A Plea for help

We have been honored by an invitation to display at a very important event in Dallas in April.  As of right now we plan on having a finished shelter designed by Ronald Omyonga.  He will design and we will build an example of a shelter made for Nairobi Kenya.  We also want to have at least one plastic block press onsite with materials for visitors to participate in making recycled plastic blocks.

As most of you already know styrofoam and film (grocery sacks) plastics are not wanted for traditional recycling.  At most recycling centers that handle home pick up recycling these items are sorted and then sent to the landfill.  Allied Waste aka Republic Recycling center in Plano Texas will give me recyclable plastics for the blocks.  I don’t want to use that because I want to use the stuff that is destined for the landfill.

That’s where I need help.  If you live in the north east of Dallas area, close to Wylie, and you want to participate I want your film plastics, grocery bags etc.  I also want your clean styrofoam stuff.  This can be anything from peanuts used in packing, the big foam blocks that protect electronics during shipping, to go foam dishes and cups, foam and film plastic packages for groceries like meats and vegetables, and let’s not forget those foam egg cartons. 

I want them clean if at all possible.  It won’t take you but a minute to rinse them off before you bag them for me.  The reason for that is the blocks made with these products will be handled by the public, specifically college students. 

As more information becomes available we will pass it on about the event.  It is an unbelievable opportunity for us and we want it to take full advantage of the exposure.  If we can build the shelter and demonstrate with stuff destined for the landfill because it doesn’t already have recyclable value it will be even better.

One more thing, we get about two  to two and a half blocks from each large green plastic trash bag of material.  If you want to see the process and participate making blocks we would appreciate that help too.  Especially if you bring along the kiddos.  That would be the best thing of all, starting them young to be responsible consumers and citizens.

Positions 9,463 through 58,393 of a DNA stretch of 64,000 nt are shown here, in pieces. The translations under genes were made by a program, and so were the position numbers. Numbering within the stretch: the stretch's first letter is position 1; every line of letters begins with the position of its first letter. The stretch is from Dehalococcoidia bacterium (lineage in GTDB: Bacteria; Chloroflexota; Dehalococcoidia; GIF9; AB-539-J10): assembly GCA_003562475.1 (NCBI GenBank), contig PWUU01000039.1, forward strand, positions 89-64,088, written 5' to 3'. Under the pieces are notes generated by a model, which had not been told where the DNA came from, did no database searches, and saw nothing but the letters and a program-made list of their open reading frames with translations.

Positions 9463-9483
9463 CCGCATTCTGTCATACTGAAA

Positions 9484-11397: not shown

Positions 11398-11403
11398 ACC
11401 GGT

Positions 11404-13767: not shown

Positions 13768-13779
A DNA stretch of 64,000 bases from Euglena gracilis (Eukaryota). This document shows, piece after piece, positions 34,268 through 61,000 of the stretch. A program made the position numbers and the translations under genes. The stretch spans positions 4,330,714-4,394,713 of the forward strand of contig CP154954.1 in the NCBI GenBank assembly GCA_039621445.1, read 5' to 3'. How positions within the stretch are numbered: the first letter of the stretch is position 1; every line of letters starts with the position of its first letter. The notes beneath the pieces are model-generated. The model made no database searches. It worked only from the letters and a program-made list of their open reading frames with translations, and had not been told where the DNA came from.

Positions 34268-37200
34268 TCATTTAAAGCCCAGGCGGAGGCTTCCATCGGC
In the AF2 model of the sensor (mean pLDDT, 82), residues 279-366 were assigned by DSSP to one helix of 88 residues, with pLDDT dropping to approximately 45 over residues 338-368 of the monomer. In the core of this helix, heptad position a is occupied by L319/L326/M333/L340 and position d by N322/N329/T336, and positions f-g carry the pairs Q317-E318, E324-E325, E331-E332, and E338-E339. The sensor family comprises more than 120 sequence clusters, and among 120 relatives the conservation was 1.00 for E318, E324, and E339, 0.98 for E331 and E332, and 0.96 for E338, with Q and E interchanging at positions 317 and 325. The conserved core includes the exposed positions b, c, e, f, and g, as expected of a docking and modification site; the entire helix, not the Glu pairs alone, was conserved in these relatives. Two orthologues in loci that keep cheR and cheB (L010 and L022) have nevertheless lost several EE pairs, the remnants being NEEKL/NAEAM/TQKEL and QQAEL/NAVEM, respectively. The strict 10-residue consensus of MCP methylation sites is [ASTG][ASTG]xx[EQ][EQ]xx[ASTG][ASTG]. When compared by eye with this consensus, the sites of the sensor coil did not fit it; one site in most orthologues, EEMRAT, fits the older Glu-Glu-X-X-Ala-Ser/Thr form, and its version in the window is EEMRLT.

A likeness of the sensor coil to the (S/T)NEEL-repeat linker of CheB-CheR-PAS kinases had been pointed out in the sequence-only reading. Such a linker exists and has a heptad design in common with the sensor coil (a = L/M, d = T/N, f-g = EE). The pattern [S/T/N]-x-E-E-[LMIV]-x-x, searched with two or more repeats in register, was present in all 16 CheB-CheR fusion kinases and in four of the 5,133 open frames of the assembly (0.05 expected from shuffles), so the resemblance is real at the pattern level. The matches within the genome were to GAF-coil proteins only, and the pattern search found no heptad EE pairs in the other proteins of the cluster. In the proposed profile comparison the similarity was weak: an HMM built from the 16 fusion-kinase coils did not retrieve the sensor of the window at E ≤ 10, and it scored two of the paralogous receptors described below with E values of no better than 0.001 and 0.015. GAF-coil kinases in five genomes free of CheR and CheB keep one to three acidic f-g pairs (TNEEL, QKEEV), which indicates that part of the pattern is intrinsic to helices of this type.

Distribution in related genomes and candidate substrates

One other thing while you’re feeling so generous, I want to share some of these blocks with the public for them to use to share the vision of making homes for the third world that are good homes.  Not just shelters, homes.

  • Superpacker

    Hi Folks

    This is an interesting idea. I just got back from a Habitat from Humanity build in El Salvador and there is plactic trash everywhere. Folks just open-air burn it or discard it to clutter up the environment. This soulnds like a potentially viable alternative.

    Here’s one question though. In a humid/rainy environment like central America, what happens when the wire rusts through? Do the blocks/walls of the house explode? Or do you use a non-corrosive wire?

    • We’re using twelve gauge galvanized wire. But we have no control over what they will be using at other locations.

      I believe your observation is a very good point to consider. I believe we have it covered.

      The first barrier resisting failure is the plaster over the blocks. One of the interesting things about the blocks is everywhere they will be used they already have a tradition of covering ugly with a plaster. There are thousands of formulas for plaster, usually locally specific.

      The second barrier is the adjoining blocks. The third is the wires tying the wall to the foundation. Those wires capture the top plate and secure it to the foundation with the wall itself being the meat in the sandwich you might say.

      I believe this system will be perfect for Central and South America. It gives them a chance to build good permanent houses for minimal cost.

      A month from now we will have a full sized model on a major university campus. Please keep in touch. We’re on fb under ubuntu-blox.